I’m thrilled that you found something of value within the lines of this post. Thank you! I am, however, distressed that you might leave traces of tears on those paper objects that we so dearly love. 😀

      • Lady Fancifull says:

        Ah but thanks to my propensity for the ‘surprised by’ moments of weepiness I’m working with a designer to produce a stylish little 3 cup drip tray, to be worn like a set of droopy spectacles, hooked over the ears, when reading. tow cups hang just below eye level, and the central one, for those of us whose noses run unbecomingly when we tear up, under the nostrils.

        There will of course be the 4 cup option with the fourth cup attached below the mouth, for those of us who are simultaneously eating chocolate whilst surprised by a moving moment, and the subsequent tendency to drool as well as weep and drip.

        Probably if poetry books are being read, which are remarkably prone to induce watery responses, prior to reading, the intended chocolates should have been either broken up into smaller pieces, if a bar, or anyway, assembled into accessible small pieces, and put in a bowl with a little pair of sugar tongs, which should be used to convey the pieces fo the mouth, without the use of fingers.

        Ah yes, the unbecoming Chicken Soup stock cube set!!

        • Jilanne Hoffmann says:

          Hilarious! I think you’ve got your prototype well thought out. Now you just need to patent them and put them into production and you’ll be wealthy enough to buy as many art books as you’d like.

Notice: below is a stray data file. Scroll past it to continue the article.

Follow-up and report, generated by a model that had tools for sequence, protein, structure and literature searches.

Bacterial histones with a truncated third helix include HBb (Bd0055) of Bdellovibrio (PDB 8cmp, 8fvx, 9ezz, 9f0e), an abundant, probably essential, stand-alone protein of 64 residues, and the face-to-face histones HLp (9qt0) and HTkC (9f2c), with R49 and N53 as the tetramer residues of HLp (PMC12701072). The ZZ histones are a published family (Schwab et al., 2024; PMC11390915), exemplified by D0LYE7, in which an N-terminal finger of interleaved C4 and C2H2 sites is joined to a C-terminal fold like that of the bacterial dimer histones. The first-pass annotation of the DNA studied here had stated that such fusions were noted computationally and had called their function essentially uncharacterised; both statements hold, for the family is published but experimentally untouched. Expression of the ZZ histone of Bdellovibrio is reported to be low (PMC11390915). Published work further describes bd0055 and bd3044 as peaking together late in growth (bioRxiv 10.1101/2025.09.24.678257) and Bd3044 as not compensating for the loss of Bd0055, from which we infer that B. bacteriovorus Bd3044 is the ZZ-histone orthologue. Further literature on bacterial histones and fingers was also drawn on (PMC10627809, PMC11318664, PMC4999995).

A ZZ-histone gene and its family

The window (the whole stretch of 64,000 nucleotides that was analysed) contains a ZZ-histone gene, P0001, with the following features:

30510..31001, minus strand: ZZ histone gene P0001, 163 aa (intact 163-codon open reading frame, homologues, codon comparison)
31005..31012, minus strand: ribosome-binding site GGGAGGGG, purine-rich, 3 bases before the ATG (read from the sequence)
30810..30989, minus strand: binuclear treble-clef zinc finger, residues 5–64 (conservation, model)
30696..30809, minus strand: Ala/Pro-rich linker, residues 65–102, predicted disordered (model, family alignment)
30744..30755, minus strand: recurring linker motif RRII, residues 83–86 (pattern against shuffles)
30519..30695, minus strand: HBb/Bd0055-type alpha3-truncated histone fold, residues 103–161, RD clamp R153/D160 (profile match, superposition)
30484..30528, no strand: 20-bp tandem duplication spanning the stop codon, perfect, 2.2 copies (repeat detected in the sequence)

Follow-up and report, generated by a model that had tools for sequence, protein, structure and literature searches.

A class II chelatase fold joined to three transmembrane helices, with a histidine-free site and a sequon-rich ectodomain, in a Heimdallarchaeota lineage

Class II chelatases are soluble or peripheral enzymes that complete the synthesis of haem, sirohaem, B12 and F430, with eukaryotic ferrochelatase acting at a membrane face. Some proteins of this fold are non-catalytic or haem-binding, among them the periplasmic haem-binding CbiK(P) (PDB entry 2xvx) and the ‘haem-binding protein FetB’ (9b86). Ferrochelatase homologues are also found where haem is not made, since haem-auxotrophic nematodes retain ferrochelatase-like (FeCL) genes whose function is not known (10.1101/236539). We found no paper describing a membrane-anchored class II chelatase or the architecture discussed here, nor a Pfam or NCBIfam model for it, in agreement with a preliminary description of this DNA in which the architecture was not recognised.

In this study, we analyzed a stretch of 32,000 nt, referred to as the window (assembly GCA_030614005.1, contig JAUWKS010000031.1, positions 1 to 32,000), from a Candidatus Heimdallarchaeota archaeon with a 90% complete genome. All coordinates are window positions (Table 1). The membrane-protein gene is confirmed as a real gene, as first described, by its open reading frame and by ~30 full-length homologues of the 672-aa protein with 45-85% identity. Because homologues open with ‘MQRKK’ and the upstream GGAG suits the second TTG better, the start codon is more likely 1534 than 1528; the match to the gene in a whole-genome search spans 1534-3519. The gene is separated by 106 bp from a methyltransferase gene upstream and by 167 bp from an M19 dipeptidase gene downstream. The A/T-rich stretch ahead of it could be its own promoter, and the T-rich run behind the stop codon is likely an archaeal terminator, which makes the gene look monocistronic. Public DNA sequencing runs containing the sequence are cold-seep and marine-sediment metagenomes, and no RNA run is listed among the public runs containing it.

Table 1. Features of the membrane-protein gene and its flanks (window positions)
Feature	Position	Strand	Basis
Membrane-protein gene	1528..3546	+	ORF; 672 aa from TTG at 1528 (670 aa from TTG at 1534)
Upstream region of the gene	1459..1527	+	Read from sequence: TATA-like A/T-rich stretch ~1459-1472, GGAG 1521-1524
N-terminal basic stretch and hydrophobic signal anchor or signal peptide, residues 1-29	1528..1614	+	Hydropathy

2. FictionFan says:

    One of the offshoots of the digital book age is that the quality of paper books is improving dramatically. I’m glad publishers, authors and artists are aware that, although many of us like our pulp fiction fix on e-readers, there is still a huge market for beautifully crafted ‘real’ books. Even I, the Queen of the Kindle, sometimes want to hold a book in my hands, feel and smell the paper, and admire the craftmanship. In fact, because I don’t read on paper so often now, I appreciate it more when I do. I reckon the future of the printed page is secure…

  3. Lady Fancifull says:

    As a (slightly) more serious comment from me than my last one, Persephone Press, though producing mass print books, are particularly good at making these lovely objects, with beautiful dust jackets

    • Jilanne Hoffmann says:

      And that is only a short excerpt. I read through the entire poem while standing in front of Wagener’s table, and I wanted to read through it again and again. But it was a warm, sunny day, so I was afraid of leaving sweaty fingerprints on the book. Now, if libraries could only afford these things, we could all read them at our leisure!

  4. Letizia says:

    His books seem so tactile. I can understand that you had to stop and touch them. I watched the making of Loom video on one of the links you provided. It was fascinating to watch (I love watching the creative process unfold).

  5. Call of the Siren says:

    Lovely’s a word that feels like cliche for comments, but I’ll use it anyway. Everything is lovely on your site, Jil, this post especially. This post reminds us what special qualities an e-book will now and always fail to capture.

    I enjoyed finding this post this morning — a still point in my turning day.

    • Jilanne Hoffmann says:

      Nick, you have touched on something I didn’t mention. The stillness I felt when holding his book, Loom. It’s as if the simultaneous concentration and daydream that puts artists into “the zone” is contained in these pages, essentially stopping time for the reader. Unfathomable how an object can hold and evoke such a feeling.

    • Jilanne Hoffmann says:

      Yes! Although my son is now asking for a Kindle paperwhite for his birthday. His argument? “Mom, I’ll be able to read in the back seat in the dark while we’re driving places.” My interpretation? “I’ll be able to read in my bedroom in the dark without a flashlight even after you’ve told me to get to sleep.” 😀